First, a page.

Can Fenben Cure Cancer?

The deworming medication fenben, which is sold in Canada as a veterinary product, has been hailed as a cancer cure by some online users who say that it has eradicated their disease. The antiparasitic drug is used to treat parasitic infections in cattle and sheep. It has also been shown to reduce the spread of bovine respiratory tract infections and aid in milk production. However, Health Canada lists fenben as a veterinary drug for anthelmintic treatment only and has not approved it for use in humans. McMaster University researcher Sheila Singh says there is no evidence to support claims that fenben can cure human cancer.

Singh’s team has analyzed tumour samples from the cancer patients who made such claims and found that these patients had normal genetic and molecular makeup, with no signs of preexisting tumours or mutations in their DNA. In fact, they had a very low risk of cancer to begin with, and most of the tumours were of very small size. Singh’s research was prompted by a series of videos posted in 2023 on Facebook and TikTok, where a veterinarian claimed that fenben could cure cancer in humans. The vet was subsequently banned from practicing in the province of British Columbia after the College of Veterinarians received complaints about his content.

Our data suggest that fenben causes changes in the organisation of the microtubule network in cancer cells. This change is caused by a direct binding of the drug to tubulin, resulting in distorted polymerization and depolymerization, as shown in Figure 2b. This is in contrast to colchicine treatment, which has no effect on the structure of the microtubule network and leads to complete depolymerization of microtubules.

The ability of fenben to alter the microtubule structure was further confirmed by our experiments in which tubulin was incubated with DMSO or FZ, and the effects on polymerization were monitored spectrophotometrically. The presence of the drug led to a decrease in polymerization, as measured by a reduction in turbidity at 340 nm (Fig. 2c). FZ also did not interact with the P-gp protein and inhibit its function, as assessed by a competition assay in which the P-gp substrate verapamil was added.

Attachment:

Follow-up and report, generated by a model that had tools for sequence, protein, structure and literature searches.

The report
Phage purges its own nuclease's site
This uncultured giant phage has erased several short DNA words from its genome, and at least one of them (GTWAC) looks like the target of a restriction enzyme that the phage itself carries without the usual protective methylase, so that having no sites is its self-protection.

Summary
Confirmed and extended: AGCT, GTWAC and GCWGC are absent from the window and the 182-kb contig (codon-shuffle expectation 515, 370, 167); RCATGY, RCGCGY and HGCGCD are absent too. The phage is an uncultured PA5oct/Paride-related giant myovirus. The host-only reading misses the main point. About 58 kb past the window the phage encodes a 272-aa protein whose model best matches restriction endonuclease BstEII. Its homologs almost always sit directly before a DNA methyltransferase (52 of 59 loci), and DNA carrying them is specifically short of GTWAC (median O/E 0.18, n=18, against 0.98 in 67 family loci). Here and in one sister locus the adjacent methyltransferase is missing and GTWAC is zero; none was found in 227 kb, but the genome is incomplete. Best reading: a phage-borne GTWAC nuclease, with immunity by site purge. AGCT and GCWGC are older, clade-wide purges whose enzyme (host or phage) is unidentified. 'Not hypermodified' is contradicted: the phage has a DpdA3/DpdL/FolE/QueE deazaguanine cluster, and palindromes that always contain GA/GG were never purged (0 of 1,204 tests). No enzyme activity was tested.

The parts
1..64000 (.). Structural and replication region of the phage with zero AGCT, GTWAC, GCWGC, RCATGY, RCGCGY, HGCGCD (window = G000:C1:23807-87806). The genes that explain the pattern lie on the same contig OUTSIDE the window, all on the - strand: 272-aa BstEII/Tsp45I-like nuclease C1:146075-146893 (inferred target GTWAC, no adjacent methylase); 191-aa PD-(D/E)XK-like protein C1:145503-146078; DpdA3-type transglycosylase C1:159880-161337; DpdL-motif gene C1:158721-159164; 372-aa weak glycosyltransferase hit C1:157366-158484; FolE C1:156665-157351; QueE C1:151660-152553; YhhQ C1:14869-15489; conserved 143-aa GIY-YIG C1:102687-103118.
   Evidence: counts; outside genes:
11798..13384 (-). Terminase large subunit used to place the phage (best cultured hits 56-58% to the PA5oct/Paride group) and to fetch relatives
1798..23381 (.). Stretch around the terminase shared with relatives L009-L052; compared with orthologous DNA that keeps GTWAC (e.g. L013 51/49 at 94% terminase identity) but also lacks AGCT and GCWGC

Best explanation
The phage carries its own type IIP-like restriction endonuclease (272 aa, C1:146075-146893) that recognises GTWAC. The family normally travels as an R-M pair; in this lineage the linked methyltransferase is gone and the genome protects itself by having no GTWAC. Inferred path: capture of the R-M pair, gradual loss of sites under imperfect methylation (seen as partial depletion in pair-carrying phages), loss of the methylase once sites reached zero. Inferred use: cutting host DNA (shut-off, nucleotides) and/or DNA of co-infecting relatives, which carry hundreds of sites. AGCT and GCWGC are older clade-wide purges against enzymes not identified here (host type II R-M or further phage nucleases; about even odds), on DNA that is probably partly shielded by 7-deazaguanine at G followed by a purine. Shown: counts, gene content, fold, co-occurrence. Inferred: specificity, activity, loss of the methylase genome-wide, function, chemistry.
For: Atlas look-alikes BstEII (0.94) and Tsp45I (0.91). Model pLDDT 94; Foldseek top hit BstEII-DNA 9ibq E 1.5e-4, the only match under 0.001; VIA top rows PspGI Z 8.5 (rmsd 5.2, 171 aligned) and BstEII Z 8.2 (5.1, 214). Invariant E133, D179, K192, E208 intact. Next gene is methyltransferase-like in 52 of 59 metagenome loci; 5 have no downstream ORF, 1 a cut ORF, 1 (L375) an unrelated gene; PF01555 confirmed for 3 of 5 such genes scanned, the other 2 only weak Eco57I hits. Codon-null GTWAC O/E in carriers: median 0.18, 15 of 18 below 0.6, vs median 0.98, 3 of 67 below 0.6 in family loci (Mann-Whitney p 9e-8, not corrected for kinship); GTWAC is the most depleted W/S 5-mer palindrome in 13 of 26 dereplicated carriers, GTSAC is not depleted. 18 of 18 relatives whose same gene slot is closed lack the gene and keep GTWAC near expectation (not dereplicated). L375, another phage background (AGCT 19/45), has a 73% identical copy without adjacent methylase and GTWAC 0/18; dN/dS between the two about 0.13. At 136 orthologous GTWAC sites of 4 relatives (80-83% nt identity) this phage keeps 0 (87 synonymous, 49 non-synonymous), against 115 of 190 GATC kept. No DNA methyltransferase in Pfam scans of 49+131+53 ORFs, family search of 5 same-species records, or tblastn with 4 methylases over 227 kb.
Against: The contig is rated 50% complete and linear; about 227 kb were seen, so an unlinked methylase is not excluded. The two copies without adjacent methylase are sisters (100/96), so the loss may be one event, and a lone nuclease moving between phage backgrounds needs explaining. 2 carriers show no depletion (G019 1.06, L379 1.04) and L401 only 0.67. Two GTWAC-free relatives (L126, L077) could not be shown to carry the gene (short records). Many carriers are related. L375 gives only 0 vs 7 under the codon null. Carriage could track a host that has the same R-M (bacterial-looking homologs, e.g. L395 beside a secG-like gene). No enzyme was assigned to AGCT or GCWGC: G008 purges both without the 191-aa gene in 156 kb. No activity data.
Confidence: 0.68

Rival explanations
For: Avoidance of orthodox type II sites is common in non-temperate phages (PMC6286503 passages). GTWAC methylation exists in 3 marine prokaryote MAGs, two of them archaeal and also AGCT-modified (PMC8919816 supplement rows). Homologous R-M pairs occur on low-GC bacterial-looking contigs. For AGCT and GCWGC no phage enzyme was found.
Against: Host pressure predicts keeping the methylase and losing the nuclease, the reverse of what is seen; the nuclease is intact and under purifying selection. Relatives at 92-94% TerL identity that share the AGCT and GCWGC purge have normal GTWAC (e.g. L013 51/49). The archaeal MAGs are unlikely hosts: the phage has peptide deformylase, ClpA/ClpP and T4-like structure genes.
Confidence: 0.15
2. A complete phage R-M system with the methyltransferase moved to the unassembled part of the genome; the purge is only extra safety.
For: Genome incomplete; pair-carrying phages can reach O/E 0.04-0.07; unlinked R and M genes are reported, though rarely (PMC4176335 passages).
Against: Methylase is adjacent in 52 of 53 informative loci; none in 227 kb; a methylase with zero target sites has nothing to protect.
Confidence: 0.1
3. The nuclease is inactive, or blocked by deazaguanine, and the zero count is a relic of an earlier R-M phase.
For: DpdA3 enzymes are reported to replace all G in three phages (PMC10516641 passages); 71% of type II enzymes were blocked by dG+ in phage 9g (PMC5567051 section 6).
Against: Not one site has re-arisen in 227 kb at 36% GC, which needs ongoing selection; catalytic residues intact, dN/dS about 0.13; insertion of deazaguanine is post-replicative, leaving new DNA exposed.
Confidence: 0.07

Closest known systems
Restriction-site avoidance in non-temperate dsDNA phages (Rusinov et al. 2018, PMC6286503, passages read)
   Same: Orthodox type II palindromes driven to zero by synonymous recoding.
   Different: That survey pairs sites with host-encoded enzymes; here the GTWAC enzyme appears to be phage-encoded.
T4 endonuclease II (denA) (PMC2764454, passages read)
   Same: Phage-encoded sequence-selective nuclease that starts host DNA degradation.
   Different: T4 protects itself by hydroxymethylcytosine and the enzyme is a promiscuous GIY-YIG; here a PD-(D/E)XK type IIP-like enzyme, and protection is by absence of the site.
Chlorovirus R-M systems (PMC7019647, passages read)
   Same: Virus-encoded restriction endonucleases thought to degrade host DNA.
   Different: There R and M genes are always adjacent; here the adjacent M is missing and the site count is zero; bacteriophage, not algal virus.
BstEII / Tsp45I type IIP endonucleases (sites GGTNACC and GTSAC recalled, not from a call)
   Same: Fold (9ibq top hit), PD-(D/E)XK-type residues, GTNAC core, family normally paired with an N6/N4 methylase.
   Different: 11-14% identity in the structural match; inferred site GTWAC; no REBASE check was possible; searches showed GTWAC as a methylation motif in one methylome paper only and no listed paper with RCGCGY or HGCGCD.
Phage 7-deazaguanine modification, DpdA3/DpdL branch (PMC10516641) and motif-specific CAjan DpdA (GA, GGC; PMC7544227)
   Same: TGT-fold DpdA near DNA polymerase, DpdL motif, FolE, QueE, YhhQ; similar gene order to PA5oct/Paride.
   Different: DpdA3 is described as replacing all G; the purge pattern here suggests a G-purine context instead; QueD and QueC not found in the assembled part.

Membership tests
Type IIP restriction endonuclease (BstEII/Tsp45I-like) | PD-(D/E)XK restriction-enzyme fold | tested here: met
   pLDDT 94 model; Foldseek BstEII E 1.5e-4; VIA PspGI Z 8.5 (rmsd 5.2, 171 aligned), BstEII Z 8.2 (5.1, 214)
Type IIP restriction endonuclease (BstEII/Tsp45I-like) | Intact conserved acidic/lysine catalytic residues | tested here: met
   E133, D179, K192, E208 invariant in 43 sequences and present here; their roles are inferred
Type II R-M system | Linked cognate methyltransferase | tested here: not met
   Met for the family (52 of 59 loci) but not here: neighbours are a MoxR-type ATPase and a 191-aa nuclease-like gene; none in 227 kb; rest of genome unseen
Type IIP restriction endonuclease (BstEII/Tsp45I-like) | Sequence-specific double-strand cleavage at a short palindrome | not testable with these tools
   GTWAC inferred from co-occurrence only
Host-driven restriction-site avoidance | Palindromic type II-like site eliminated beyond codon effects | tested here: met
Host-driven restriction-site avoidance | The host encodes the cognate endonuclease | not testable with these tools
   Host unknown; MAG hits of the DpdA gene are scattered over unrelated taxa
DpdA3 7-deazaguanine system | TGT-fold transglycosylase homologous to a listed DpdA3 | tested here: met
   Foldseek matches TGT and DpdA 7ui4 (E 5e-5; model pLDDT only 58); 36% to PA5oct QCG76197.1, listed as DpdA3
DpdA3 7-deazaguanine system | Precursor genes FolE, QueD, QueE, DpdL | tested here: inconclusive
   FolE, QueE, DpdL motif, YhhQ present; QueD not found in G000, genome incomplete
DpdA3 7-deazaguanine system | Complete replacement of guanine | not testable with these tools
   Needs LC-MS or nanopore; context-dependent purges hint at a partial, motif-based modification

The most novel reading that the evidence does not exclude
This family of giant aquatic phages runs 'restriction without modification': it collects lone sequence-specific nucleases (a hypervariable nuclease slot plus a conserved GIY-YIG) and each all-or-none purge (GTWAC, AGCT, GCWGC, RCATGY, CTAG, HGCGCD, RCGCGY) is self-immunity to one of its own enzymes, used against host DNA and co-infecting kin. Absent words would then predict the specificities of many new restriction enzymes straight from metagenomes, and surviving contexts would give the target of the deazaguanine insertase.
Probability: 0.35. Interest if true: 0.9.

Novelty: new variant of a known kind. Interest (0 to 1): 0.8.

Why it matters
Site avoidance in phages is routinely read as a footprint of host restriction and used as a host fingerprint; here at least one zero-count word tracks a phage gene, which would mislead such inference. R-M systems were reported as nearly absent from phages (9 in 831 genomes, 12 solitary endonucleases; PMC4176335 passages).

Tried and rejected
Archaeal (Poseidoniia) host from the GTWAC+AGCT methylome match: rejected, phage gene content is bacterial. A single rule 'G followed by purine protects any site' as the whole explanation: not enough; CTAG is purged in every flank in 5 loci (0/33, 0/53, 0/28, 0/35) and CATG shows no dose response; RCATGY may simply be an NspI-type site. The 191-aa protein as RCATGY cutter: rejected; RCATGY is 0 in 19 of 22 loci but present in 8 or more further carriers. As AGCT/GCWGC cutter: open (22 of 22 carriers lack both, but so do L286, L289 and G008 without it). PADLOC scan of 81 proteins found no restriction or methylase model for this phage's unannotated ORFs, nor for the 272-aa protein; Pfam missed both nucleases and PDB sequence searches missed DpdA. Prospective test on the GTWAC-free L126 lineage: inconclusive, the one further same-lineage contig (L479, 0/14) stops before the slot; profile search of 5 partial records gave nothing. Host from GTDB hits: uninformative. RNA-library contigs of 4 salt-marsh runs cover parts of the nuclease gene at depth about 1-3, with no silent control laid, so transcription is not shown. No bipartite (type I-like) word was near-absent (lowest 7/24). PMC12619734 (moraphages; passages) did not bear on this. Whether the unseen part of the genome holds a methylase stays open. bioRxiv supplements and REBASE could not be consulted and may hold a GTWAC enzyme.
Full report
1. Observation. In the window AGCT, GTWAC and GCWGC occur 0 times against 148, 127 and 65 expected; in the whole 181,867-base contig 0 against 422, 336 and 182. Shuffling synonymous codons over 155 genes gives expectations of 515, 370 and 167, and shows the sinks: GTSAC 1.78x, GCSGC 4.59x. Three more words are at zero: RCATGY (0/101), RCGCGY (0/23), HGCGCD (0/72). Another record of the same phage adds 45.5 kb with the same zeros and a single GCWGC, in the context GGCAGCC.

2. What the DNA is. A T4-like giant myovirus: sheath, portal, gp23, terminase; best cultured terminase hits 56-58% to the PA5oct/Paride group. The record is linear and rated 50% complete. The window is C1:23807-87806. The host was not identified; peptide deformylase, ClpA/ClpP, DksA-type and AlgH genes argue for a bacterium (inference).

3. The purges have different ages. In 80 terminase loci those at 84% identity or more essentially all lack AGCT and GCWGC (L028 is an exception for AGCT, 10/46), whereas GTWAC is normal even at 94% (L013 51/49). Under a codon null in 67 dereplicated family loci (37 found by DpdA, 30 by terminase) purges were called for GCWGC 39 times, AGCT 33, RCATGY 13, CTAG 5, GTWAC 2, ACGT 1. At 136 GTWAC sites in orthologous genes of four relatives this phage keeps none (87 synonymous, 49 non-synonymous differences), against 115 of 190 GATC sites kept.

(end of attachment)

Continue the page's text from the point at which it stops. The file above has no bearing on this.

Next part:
We next studied the effect of fenbendazole on the growth of EMT6 tumors in mice, using a rigorous colony formation assay. 24-h incubation with fenbendazole reduced both the clonogenicity and cell numbers of the tumours, indicating that it has cytotoxic as well as cytostatic properties.

Finally, we tested whether the fenbendazole-induced alterations in the microtubule network affected cell cycle progression by treating synchronized A549 cells with different concentrations of FZ and measuring mitosis-promoting complex (MPC) activity by comparing the accumulation of the red MPC marker rhodamine 123 to that of untreated control cells. Our results showed that increasing concentrations of fenbendazole led to enhanced translocation of WT p53 from the cytoplasm to mitochondria, accompanied by increased MPC activity. These results are consistent with the hypothesis that a mild disruption of the microtubule network by fenbendazole is sufficient to activate p53, which is then capable of enhancing cell death.